Toys ‘R’ Us

Like a game of Yu-Gi-Oh, no one can predict the future

Artwork by Mathew Philip

In 1948, Charles Lazarus opened a baby furniture store in Washington DC

As a child, the girl’s closest Toys R Us store was in Bankstown Home—an expansive sprawl of chain stores and parking spaces on the intersection of Canterbury and Chapel Road. Toys R Us was wedged at the back beside Supercheap Auto and the Good Guys. After a few years, Babies R Us would spring up on one side and a new computer store on the other.

In 1957, Charles Lazarus opened the first ever Toys R Us store.

Mama would take the girl and her brother to Toys R Us on special occasions; birthdays or Christmas. She bought them a GameCube—mainly as a reward for her brother after he made it into the OC. The console came with two games: Super Smash Bros Melee and Lord of the Rings: The Third Age.

It was at Toys R Us that Mama bought them their first Yu-Gi-Oh! decks. The girl was eight years old at that time, and Yu-Gi-Oh! was causing an uproar at her school. Kids were haggling over cards and playing matches on the asphalt at recess and lunch.

The girl and her brother would wake up every morning at 7:20am, waiting for Yu-Gi-Oh! Duel Monsters to air. She had always hated Dan and Pip, the zany hosts of Toasted TV, who were constantly chewing into the anime’s time
slot with their whacky dares and jaunts around the Gold Coast’s various theme parks. But then, always—

“…It’s time,” exclaimed Yami Yugi, “to d-d-d-d-d-d-d-d-duel!”

The girl’s favourite card was the spell card, Scapegoat. She found the four fluffy creatures adorable, with their curling horns and mouths tilted upwards in gormless smiles. She loved Change of Heart second best, because the girl in the drawing had such pretty wings, and then Kuriboh, the small, furred one-star monster.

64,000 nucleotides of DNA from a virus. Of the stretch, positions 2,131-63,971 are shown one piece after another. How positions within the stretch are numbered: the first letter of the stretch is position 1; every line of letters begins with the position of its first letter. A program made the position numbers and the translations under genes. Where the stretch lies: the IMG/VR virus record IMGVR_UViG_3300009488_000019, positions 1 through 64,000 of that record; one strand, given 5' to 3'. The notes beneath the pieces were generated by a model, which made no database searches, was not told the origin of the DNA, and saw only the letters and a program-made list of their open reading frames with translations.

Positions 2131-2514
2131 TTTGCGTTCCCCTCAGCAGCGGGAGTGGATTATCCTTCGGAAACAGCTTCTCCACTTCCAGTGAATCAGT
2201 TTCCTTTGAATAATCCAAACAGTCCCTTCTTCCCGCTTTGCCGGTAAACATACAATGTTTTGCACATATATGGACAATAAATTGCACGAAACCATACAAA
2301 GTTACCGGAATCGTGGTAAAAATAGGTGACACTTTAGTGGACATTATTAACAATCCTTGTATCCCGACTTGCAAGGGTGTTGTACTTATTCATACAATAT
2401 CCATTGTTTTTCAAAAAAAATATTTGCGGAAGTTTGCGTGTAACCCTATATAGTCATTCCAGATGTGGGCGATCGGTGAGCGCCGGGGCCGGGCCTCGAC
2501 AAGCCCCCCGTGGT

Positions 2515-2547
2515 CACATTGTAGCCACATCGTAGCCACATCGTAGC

When the Yu-Gi-Oh! tournaments began, Mama took the girl and her brother back to Toys R Us. The tournaments took place early on Saturday mornings, attracting gatherings of around thirty young duellists. When the girl went, she was one of the youngest, and the only girl.

In 1965, Geoffrey the Giraffe became the corporation’s mascot.

The girl was directed to a table, occupied by a boy wearing glasses and a serious expression. He sighed when she sat down.

“Hi,” she said, smiling nervously. “I’m eight. I’ve never been to these tournaments before.”

“I’m Edwin Chu,” he replied while shuffling his deck. “I’m 11. I’ve been here three times.”

“Oh, cool.”


Edwin drew five cards from his deck.

“Last time, a girl came as well,” he said abruptly. “She was called Rebecca or something. No one really wanted to verse her, but one of the staff brought her over to me. I beat her before half the time was up.”

“Oh.” The girl looked down at the cards in her hand.

“Ladies first,” said Edwin.

She placed Baby Dragon on the field, facedown in defence mode. The duel began.

Australia’s first Toys R Us opened in September 1993. As time passed, more outlets opened nationwide, all bearing that bright colourful logo—red, orange and green lettering with the blue backwards ‘R’ punched through with a star.